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Tuesday, March 31, 2015
The term nutrient density (the ratio of nutrients to calories) has been used in the scientific community for several years. The nutrient-density approach sends a positive message about enjoying foods that are abundant in nutrients, rather than focusing on the restriction of specific foods or nutrients. Consumers are advised to choose a variety of nutrient-dense foods and beverages - those that provide generous amounts of nutrients (e.g., vitamins, minerals, fiber, protein, and unsaturated fat) and relatively few calories. Choosemyplate states this recommendation as "Get the most nutrition out of your calories."
Leading scientific and health organizations such as the American Dietetic Association, American Diabetes Association, and American Heart Association support the nutrient density approach as a way to choose healthy foods. In addition, the U.S. Dietary Guidelines and Choosemyplate dietary recommendations (http://www.choosemyplate.gov/) are based on the concept of nutrient density. This approach looks at the overall nutritional quality of the food, rather than only one or two nutrients.
For health promotion and disease prevention, it's important for everyone to consume an adequate amount of nutrients while controlling calories. Although many Americans eat more than enough calories, most persons do not meet their nutrient requirements. Not only are nutrients important for providing the building blocks, enzymes, and energy to live, but we are discovering more about their role in preventing chronic diseases, such as heart disease, diabetes, and cancer.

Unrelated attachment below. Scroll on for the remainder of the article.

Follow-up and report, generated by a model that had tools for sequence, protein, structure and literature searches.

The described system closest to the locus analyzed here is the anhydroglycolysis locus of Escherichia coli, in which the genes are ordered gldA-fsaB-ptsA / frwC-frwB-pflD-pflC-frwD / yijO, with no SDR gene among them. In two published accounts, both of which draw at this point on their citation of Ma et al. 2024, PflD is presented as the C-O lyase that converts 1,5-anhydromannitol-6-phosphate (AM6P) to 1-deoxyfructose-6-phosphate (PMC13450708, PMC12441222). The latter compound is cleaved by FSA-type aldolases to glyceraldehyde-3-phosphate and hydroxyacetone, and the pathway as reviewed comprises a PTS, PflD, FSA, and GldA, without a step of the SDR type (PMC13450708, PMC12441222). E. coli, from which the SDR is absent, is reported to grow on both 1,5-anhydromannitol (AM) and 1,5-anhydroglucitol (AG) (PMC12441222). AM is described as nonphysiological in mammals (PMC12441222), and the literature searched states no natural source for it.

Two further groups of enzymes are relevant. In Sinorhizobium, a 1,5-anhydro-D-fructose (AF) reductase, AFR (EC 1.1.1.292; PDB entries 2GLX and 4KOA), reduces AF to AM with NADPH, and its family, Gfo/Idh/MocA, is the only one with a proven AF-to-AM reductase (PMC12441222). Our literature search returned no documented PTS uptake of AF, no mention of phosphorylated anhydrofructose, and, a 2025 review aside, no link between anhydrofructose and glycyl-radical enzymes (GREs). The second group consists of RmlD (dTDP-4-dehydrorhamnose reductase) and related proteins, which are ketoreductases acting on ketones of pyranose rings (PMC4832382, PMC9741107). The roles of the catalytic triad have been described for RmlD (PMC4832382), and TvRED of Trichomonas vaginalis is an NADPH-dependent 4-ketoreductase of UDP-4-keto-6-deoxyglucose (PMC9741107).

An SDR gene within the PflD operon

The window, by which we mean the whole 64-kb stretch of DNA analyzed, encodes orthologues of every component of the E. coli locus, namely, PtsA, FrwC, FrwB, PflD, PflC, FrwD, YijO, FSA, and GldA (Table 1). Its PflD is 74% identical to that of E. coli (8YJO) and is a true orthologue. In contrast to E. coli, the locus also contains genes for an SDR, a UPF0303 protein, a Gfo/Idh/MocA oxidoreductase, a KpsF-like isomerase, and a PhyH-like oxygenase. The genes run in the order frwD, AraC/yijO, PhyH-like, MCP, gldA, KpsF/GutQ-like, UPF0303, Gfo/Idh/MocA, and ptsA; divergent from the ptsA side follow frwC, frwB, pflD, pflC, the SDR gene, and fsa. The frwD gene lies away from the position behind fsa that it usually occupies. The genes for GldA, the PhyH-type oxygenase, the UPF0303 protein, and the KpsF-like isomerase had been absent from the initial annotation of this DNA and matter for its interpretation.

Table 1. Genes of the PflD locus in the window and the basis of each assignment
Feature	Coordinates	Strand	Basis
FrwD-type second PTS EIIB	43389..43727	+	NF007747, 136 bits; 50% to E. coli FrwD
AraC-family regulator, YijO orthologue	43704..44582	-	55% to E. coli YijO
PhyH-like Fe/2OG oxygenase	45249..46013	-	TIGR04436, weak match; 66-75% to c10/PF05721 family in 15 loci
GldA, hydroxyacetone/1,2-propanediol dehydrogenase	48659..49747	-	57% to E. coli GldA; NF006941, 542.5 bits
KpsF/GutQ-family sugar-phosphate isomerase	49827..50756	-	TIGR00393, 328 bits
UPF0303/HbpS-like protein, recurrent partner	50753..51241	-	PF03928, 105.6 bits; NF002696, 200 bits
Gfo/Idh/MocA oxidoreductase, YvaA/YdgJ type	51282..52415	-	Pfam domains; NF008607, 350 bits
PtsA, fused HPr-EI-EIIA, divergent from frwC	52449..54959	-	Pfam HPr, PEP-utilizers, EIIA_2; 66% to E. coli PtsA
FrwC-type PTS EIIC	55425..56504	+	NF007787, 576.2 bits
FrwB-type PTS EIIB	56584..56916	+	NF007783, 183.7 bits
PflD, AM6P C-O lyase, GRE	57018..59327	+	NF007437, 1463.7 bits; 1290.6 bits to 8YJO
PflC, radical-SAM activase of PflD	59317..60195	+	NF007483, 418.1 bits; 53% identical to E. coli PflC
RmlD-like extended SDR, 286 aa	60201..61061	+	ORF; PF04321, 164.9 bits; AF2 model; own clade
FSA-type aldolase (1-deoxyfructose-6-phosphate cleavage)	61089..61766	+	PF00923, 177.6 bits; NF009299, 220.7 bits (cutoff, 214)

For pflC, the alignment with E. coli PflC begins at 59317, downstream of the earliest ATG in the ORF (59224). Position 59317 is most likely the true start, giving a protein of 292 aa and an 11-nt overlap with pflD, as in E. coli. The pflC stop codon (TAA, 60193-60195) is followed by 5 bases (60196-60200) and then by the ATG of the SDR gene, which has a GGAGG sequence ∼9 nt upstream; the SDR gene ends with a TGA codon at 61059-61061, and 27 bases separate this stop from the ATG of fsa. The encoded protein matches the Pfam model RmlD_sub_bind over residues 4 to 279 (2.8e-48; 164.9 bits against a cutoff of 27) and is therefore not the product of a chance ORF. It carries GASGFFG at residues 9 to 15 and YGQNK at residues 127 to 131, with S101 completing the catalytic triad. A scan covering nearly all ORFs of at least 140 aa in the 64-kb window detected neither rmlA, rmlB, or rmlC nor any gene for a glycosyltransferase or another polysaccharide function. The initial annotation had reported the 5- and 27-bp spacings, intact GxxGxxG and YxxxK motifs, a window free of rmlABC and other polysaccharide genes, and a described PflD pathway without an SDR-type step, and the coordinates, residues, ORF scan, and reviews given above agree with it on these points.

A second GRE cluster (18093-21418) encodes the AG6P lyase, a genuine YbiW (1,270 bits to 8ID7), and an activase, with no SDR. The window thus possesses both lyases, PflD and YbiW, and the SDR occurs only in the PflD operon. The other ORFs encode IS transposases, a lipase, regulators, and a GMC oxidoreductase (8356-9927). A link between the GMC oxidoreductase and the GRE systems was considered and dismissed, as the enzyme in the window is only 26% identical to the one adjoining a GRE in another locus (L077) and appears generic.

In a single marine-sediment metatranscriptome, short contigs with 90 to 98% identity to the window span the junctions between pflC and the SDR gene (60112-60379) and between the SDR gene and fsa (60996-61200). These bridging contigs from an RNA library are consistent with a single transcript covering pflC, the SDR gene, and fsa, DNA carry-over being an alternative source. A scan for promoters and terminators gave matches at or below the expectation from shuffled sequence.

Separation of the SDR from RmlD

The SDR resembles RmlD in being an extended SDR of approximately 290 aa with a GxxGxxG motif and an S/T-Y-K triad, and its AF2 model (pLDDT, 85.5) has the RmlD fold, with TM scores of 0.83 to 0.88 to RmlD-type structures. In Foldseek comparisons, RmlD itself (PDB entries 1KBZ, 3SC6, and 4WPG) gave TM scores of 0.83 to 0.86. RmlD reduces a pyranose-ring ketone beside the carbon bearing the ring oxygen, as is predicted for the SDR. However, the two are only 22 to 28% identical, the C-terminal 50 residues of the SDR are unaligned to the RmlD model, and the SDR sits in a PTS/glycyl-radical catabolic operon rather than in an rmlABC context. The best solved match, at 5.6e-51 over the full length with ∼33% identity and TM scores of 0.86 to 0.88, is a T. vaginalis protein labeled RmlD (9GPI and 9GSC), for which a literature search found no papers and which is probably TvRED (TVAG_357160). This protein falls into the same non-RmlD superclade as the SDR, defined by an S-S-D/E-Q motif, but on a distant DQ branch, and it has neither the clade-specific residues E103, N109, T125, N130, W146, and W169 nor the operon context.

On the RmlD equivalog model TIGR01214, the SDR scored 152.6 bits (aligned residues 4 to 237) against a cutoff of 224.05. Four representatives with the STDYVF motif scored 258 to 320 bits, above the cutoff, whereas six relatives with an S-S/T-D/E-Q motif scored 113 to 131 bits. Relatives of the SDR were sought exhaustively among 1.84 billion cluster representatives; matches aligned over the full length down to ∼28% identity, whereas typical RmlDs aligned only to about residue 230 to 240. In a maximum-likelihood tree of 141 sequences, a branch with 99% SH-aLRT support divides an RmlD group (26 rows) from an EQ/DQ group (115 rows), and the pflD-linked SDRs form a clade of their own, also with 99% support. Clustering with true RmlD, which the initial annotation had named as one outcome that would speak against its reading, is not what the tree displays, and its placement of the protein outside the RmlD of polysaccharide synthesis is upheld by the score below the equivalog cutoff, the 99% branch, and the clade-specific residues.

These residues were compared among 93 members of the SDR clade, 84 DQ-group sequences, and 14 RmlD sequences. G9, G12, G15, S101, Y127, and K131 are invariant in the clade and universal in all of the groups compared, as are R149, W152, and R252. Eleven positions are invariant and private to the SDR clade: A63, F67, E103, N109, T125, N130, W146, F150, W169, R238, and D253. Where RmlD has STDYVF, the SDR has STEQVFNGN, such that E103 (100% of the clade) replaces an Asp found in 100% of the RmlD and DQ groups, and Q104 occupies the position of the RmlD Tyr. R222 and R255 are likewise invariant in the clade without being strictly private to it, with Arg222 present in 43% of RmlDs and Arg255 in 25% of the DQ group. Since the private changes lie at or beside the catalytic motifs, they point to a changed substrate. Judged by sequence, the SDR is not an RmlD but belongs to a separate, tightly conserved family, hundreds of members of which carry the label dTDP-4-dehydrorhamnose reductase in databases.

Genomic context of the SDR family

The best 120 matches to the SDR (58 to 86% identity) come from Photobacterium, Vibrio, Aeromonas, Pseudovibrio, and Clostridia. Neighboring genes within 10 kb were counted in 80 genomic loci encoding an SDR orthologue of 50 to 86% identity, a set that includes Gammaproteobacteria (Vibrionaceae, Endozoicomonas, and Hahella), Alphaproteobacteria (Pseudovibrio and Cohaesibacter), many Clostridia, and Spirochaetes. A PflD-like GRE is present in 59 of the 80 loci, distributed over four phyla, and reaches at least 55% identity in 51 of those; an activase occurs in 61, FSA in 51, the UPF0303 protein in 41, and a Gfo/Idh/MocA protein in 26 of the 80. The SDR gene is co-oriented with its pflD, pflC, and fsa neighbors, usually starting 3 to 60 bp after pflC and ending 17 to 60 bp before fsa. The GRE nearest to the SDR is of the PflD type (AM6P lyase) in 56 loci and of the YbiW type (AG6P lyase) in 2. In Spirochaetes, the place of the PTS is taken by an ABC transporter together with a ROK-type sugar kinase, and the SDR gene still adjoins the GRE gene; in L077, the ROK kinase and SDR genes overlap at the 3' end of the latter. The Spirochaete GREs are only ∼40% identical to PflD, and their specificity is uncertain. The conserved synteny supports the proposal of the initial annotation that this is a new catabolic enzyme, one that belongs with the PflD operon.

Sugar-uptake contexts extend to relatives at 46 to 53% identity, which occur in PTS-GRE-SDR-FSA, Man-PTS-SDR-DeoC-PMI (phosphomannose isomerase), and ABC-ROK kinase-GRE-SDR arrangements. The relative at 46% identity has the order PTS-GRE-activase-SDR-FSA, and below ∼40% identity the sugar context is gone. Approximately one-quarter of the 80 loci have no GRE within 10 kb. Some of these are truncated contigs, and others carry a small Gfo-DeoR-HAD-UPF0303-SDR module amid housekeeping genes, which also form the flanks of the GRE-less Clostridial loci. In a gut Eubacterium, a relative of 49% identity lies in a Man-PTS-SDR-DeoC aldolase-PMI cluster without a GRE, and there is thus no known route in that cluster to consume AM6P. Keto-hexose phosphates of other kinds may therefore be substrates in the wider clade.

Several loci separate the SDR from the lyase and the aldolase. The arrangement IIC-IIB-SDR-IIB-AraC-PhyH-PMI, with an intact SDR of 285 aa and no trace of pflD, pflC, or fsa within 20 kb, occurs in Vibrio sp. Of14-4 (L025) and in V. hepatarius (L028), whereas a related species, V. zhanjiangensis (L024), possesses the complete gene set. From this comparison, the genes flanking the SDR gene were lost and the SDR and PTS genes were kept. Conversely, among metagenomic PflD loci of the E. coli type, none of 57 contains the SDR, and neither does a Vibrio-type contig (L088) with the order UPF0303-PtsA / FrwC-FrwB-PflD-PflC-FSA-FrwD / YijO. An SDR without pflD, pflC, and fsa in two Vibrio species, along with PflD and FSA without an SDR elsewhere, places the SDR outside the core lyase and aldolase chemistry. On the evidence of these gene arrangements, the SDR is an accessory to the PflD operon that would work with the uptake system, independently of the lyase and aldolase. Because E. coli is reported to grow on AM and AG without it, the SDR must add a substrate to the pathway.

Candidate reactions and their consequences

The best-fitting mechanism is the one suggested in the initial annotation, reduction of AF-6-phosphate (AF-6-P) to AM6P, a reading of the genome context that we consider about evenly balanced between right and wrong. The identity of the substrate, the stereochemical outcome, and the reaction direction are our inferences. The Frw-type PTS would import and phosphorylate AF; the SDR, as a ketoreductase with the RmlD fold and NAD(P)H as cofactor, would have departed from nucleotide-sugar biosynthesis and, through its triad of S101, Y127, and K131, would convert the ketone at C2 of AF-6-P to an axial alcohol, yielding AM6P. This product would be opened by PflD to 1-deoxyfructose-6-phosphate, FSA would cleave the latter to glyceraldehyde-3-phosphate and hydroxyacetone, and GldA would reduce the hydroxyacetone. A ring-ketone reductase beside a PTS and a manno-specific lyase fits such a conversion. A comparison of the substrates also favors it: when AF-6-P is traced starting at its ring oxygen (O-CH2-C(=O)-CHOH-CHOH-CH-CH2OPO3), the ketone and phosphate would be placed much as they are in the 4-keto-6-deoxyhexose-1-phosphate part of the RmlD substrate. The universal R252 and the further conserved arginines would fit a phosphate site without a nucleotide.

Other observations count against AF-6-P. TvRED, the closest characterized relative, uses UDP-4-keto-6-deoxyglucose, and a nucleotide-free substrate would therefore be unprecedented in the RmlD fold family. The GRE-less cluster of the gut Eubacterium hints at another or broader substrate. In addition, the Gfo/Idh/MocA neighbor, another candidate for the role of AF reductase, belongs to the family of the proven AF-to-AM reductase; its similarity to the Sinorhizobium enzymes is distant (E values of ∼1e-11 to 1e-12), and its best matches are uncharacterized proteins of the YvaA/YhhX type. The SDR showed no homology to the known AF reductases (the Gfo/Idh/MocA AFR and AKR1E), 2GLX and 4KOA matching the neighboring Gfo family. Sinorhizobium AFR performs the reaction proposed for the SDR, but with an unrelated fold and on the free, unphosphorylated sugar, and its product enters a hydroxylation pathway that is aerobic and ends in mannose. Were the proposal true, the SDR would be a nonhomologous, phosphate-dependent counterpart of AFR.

When you are choosing foods, remember to choose nutrient-dense foods first and then, if your calorie needs have not been met, foods with lower nutrient density. This principle is especially important if you are trying to achieve and maintain a healthy weight - be sure to build your diet with healthy, nutrient-rich foods while staying within your calorie allowance. Examples of nutrient-dense foods include brightly colored fruits and vegetables, whole grain cereals and breads, poultry, fish, beans, nuts, and skim or low-fat milk, cheese, and yogurt.
Several scoring systems have been developed to rank foods according to their nutrient density. The nutrient density index/score is based on the calorie and key nutrient content of the food item, with higher scores indicating greater nutrient density. Hopefully, someday food labels will carry a simple, easy-to-understand nutrient density score that will help consumers make healthy food choices in the supermarket.
This article originally appeared in Nutri-bytes (October 2009), a service of the University of Cincinnati College of Nursing and was adapted for use on NetWellness with permission.
Last Reviewed: Sep 28, 2009
Bonnie J Brehm, PhD, RD
Professor of Nursing
College of Nursing
University of Cincinnati